1. How can allocating overhead incorrectly impact pricing and profitability?
2. How can environmental accounting save companies money in the capital investments?
3. What is the difference between total cost assessment and life cycle cost assessment?
4. What is the distinction between Full Cost Accounting, Total Cost Accounting, and Total Cost Assessment. All three sound like the same thing, but they aren't. Define the ones that are useful terms, and point out which term is meaningless in the accounting field (and therefore you should immediately forget it).
Allocating overhead incorrectly impacts both pricing and profitability. Incorrect allocation of overheads means that the cost of production of each product is calculated wrongly. A higher overhead is allocated to a product than what it actually uses, and a lower overhead is allocated to a product that uses higher overhead. The result is that the company which uses costs as a basis of pricing incorrectly prices its products. If the pricing is incorrectly low the company's profitability suffers. Wrong allocation of overheads does not allow the company to identify the profitable products and the loss making products. The result is that loss making products eat into the profits of the company and the profitability declines.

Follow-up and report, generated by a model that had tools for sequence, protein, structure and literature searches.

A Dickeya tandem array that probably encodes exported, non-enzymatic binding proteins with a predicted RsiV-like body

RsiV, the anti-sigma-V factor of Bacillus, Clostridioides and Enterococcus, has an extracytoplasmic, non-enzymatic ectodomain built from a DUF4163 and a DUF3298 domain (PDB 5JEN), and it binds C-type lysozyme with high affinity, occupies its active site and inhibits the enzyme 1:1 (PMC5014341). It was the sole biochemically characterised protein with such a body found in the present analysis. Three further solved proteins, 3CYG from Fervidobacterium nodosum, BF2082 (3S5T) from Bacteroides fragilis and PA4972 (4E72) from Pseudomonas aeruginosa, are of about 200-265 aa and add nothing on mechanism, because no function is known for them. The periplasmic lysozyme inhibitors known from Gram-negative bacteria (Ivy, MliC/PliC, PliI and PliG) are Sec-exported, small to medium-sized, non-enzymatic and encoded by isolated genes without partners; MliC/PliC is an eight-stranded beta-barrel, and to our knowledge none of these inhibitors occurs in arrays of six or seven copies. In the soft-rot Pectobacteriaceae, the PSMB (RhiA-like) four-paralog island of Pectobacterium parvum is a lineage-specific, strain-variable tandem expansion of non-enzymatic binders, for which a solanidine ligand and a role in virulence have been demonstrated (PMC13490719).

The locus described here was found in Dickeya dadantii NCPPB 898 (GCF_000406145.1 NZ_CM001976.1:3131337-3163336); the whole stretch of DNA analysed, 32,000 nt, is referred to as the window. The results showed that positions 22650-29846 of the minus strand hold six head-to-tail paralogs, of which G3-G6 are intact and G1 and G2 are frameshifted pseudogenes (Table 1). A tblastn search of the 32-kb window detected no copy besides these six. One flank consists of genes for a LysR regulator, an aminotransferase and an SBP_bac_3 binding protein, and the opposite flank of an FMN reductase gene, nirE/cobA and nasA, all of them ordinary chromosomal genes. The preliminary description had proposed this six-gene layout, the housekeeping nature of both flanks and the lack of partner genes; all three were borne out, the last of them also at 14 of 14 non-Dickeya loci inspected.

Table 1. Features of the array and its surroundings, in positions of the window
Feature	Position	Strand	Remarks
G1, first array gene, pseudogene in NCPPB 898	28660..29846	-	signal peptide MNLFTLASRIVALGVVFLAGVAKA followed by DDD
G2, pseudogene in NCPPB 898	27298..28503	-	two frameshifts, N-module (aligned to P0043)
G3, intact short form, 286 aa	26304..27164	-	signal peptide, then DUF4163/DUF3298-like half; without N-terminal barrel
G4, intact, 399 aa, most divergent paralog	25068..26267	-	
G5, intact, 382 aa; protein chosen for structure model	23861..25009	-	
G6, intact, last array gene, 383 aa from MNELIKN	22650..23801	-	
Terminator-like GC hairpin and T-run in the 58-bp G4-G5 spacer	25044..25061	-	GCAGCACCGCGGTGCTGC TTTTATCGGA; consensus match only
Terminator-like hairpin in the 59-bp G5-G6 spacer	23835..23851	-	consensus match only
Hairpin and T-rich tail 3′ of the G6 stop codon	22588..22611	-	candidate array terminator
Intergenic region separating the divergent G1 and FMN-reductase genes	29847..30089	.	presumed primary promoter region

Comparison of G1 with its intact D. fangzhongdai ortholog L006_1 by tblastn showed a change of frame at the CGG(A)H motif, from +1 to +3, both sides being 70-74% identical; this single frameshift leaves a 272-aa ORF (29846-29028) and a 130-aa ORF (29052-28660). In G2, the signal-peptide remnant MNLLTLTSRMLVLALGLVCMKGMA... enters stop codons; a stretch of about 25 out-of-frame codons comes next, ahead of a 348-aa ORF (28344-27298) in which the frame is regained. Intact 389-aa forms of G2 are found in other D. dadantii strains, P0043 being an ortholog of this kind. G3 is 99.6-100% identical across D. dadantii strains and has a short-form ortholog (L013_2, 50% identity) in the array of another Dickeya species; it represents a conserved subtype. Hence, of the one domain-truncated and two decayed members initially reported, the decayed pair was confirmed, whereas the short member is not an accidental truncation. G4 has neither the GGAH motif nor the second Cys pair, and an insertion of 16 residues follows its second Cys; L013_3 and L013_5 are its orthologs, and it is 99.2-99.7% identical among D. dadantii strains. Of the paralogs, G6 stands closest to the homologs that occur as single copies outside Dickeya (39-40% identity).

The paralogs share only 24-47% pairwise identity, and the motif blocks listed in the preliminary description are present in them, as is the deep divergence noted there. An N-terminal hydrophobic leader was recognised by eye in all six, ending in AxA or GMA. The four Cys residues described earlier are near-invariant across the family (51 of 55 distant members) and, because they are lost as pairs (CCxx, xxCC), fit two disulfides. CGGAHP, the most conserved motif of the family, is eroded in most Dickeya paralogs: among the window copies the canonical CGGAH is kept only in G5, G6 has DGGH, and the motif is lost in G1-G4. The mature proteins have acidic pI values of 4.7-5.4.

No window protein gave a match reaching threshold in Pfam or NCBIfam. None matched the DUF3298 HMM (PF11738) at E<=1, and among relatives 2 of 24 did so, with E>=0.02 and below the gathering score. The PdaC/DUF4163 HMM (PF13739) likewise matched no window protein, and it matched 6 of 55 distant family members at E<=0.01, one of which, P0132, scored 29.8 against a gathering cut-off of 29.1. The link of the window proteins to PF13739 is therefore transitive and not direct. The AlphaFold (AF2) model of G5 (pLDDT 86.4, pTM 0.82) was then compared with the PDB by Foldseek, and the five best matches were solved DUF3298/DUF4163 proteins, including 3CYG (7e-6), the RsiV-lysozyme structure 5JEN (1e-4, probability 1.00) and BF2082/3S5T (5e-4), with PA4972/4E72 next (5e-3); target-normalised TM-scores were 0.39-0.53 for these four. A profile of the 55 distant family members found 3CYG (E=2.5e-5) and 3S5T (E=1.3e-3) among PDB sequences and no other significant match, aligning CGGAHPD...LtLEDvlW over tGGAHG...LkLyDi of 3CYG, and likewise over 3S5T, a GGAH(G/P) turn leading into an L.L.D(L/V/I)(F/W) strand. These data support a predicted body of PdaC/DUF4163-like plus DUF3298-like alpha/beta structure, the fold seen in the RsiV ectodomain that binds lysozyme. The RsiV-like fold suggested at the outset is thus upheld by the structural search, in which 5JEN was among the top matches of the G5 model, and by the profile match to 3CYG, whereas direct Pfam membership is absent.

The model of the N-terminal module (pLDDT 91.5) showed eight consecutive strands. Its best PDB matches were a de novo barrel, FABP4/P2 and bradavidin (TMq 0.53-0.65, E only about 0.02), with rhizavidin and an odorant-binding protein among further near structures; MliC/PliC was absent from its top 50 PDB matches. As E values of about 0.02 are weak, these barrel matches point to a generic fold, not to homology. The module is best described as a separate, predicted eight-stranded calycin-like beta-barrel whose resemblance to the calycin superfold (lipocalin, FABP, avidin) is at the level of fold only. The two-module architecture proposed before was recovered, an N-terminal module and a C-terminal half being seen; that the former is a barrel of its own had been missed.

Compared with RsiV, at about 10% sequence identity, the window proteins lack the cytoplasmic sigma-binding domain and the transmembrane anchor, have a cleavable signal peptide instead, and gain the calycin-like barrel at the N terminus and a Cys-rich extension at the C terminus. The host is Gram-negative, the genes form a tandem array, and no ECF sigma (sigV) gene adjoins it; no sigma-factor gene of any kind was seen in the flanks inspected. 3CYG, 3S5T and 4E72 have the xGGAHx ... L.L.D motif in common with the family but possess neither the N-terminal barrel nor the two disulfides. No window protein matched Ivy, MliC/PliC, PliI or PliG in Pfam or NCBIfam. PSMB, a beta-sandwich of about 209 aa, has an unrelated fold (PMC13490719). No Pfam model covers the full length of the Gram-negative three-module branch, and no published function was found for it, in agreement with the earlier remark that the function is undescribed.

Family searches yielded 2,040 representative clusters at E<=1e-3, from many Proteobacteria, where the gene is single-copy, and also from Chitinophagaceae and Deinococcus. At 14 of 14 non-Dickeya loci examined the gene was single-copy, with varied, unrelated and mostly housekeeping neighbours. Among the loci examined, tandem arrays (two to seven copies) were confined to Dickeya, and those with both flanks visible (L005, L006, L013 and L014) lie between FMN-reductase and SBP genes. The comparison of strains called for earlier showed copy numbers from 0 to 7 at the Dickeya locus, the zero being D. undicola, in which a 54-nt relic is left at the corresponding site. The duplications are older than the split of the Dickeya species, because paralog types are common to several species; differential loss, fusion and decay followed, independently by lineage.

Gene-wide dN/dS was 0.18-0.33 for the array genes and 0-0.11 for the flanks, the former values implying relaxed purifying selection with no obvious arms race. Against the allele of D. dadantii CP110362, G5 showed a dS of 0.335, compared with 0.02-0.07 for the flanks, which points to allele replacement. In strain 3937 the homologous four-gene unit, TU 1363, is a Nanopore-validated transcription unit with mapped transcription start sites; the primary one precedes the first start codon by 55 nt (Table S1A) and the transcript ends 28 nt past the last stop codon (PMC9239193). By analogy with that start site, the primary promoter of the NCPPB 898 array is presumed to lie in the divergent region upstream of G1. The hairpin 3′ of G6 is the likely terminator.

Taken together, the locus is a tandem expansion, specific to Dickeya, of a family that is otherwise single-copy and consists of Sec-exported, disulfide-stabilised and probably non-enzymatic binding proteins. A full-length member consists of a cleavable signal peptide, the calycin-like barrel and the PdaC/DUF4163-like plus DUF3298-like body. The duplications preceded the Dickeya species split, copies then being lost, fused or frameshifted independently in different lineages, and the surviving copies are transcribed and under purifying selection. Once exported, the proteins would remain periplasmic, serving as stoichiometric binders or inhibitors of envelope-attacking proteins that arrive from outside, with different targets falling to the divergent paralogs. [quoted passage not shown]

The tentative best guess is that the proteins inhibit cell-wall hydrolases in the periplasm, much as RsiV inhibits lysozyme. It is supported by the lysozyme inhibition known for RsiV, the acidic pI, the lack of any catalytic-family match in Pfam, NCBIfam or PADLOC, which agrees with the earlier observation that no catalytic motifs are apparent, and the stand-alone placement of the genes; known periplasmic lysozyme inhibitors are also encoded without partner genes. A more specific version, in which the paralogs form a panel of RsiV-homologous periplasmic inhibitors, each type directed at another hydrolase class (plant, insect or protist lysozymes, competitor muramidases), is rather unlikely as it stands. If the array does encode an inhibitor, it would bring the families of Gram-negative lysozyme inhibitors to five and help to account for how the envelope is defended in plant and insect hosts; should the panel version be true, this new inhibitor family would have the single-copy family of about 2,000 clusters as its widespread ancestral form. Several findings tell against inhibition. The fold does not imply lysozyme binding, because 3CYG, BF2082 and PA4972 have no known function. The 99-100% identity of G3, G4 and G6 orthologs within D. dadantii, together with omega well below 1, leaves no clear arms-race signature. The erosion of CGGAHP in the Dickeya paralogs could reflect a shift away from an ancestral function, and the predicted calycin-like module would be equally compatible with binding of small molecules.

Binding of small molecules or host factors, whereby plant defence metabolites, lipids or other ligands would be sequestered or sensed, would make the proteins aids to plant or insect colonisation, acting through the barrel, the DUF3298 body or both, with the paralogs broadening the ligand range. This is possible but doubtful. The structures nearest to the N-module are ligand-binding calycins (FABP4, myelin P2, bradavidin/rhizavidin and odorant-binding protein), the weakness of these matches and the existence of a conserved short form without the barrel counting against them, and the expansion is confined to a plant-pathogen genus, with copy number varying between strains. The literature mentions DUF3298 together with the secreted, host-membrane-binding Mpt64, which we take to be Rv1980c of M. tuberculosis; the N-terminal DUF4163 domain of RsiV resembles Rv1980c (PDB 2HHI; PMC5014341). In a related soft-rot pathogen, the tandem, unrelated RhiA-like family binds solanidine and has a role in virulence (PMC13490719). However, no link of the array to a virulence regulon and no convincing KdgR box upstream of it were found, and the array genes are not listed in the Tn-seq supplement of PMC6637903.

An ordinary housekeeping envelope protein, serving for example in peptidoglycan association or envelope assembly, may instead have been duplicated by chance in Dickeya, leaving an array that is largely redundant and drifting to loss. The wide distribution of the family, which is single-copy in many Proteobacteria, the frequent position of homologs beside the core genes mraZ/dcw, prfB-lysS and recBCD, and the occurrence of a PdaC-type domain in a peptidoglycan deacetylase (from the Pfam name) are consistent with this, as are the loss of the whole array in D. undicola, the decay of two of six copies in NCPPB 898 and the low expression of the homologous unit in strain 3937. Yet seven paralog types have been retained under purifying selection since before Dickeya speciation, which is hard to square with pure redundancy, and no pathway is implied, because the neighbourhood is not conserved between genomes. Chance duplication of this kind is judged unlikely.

Environmental accounting saves companies money in capital investments. Environmental accounting spots resource use, and communicates cost of the company on the environment. Environmental accounting identifies capital investments that have high costs. Costs include money to clean up contaminated sites, penalties, taxes, pollution prevention technologies,, waste management costs, and fines. ...
This solution explains important issues of environmental accounting. The sources used are also included in the solution.